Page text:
As you've read the section about HTML (if you haven't done so please go back to the Programming section and visit the HTML subsection) I can start the one about JavaScript: created in 1995 by Netscape, JavaScript has been updated by the JScript by Microsoft and ECMAScript by ECMA and has reached its version 1.6 in 2005. It's a programming language that you can directly embed into classic HTML.


So, we shall start by the most important question: what's a program? A program is a list of orders that are executed by someone. In our case, the orders are called instructions and they're executed by a computer. For exemple, the JavaScript program window.alert("hello") will alert, in a window, the message hello (you can try it out by clicking on it). A programming language is used to define programs. In JavaScript, programs are executed in the order they're written, so the program alert(1);alert(2) will alert 1 and then alert 2.


Programming language generally share some bases:

Variables: a variable is a name that we give to a value. To give values to variables, different languages use different syntaxes and JavaScript uses the = symbol. For exemple, to alert like hello john, we can write the following program (that you can click on to execute): variable1="hello";variable2="john";space=" ";window.alert(variable1+space+variable2). WARNING: the = of JavaScript is not the same thing as a mathematical equality, as a proof the i=i+1 is a perfectly valid JavaScript instruction that gives the value i+1 to the variable i whereas the mathematical equality i=i+1 is trivially incorrect. A good programmer always gives logical names to variables (therefore names that remind of their content).

Functions: a function is a name that we give to a list of instructions. For example, window.alert is a JavaScript function. In JavaScript a programmer can create its own functions using the function keyword, for example the function function multiply_by_two( number ){ return 2 * number } multiplies by two and returns a given number. Functions are important as they let us write programs that are less cluttered and much easier to read. To call that function we can simply write, for example, variable = multiply_by_two( 2 ) in which case the variable variable will store as value 2 * 2, therefore 4. In all programming languages, functions are inactive (therefore not executed) as long as they're not called by someone.


By now, we know how to calculate some things, remember values and remember some list of instructions. Yet, to have useful programs, we must have two more things:

Conditionals: a conditional instruction is an instruction that's executed if and only if a certain condition is true. For example, let's suppose that the day_of_week tells about the day of the week. The program if( day_of_week() == "Wednesday" ){ alert("it's wednesday") }else{ alert("it's not wednesday" ) } will alert it's wednesday when launched a wednesday, and it's not wednesdsay when launched any other day.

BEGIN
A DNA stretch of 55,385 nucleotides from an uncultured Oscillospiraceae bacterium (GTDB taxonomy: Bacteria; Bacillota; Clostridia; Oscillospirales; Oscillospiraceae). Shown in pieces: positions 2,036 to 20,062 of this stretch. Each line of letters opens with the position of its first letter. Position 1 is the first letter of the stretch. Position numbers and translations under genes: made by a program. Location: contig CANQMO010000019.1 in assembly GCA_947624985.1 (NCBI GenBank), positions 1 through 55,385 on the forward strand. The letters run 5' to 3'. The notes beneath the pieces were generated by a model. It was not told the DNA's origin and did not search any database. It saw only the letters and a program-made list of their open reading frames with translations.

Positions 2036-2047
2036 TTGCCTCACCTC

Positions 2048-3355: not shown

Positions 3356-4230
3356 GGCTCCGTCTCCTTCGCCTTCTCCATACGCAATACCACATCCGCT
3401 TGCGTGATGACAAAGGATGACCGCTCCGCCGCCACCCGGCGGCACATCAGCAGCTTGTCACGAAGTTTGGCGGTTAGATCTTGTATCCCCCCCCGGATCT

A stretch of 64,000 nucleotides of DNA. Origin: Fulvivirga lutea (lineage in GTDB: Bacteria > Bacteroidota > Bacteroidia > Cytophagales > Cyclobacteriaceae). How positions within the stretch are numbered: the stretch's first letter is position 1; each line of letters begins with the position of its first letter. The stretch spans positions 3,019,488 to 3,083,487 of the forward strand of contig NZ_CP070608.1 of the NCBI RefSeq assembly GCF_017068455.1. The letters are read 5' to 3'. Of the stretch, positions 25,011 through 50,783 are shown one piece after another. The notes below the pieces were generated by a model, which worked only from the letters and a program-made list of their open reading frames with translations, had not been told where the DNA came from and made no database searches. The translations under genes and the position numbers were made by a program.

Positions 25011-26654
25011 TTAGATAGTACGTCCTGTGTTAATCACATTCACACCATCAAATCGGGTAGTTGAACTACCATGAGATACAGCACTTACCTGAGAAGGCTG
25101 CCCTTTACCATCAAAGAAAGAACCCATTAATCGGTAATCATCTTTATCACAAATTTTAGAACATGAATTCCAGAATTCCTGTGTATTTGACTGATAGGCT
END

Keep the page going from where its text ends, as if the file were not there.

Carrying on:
Loops: a loop is executed over, and over, and over again each time a condition is true. JavaScript has two loop forms: for and while. The program for( i = 0 ; i < 10 ; i = i + 1 ){ alert(i) } will alert each number between 0 and 10. Similiarly, the program Similarly, the program while( day_of_week() == "Wednesday" ){ alert("it's still wednesday!") } will keep on alerting it's still wednesday! during the whole day of wednesday and stop on thursday.


Those four notions exist in any "useful" programming language, including JavaScript. The JavaScript is inserted into HTML code using the <script> and </script> tags. For example, you can write <script>document.write("hello")</script> into our famous test.html of our HTML lessons and observe that it now displays hello in the web browser's window. You'll also note that it doesn't display the JavaScript code! You can also try, for example, to alert <script>window.alert("hello")</script> or even to mix HTML code and JavaScript code on the same page (it should work perfectly).

A big difference between JavaScript and other programming languages is that JavaScript is an interpreted language, therefore interpreted and executed command by command at each time. The interpreter therefore remembers all things like variable names, and to take advantage of that JavaScript has the eval function: this function evaluates (executes) a given statement. You can try it out using eval("window.alert('hello')") or even using eval("i"+number) that'll have as value, for example, the value of the variable i5 if nombre equals 5. This process (dynamic native code generation) cannot be done in most other programming languages.

On the other hand, since interpreted, JavaScript is way slower that most other programming languages.


Of course, I cannot give you an entire JavaScript lesson in just one simple text, still I recommend your reading of the article about DHTML to understand more and start doing some exercices afterwards.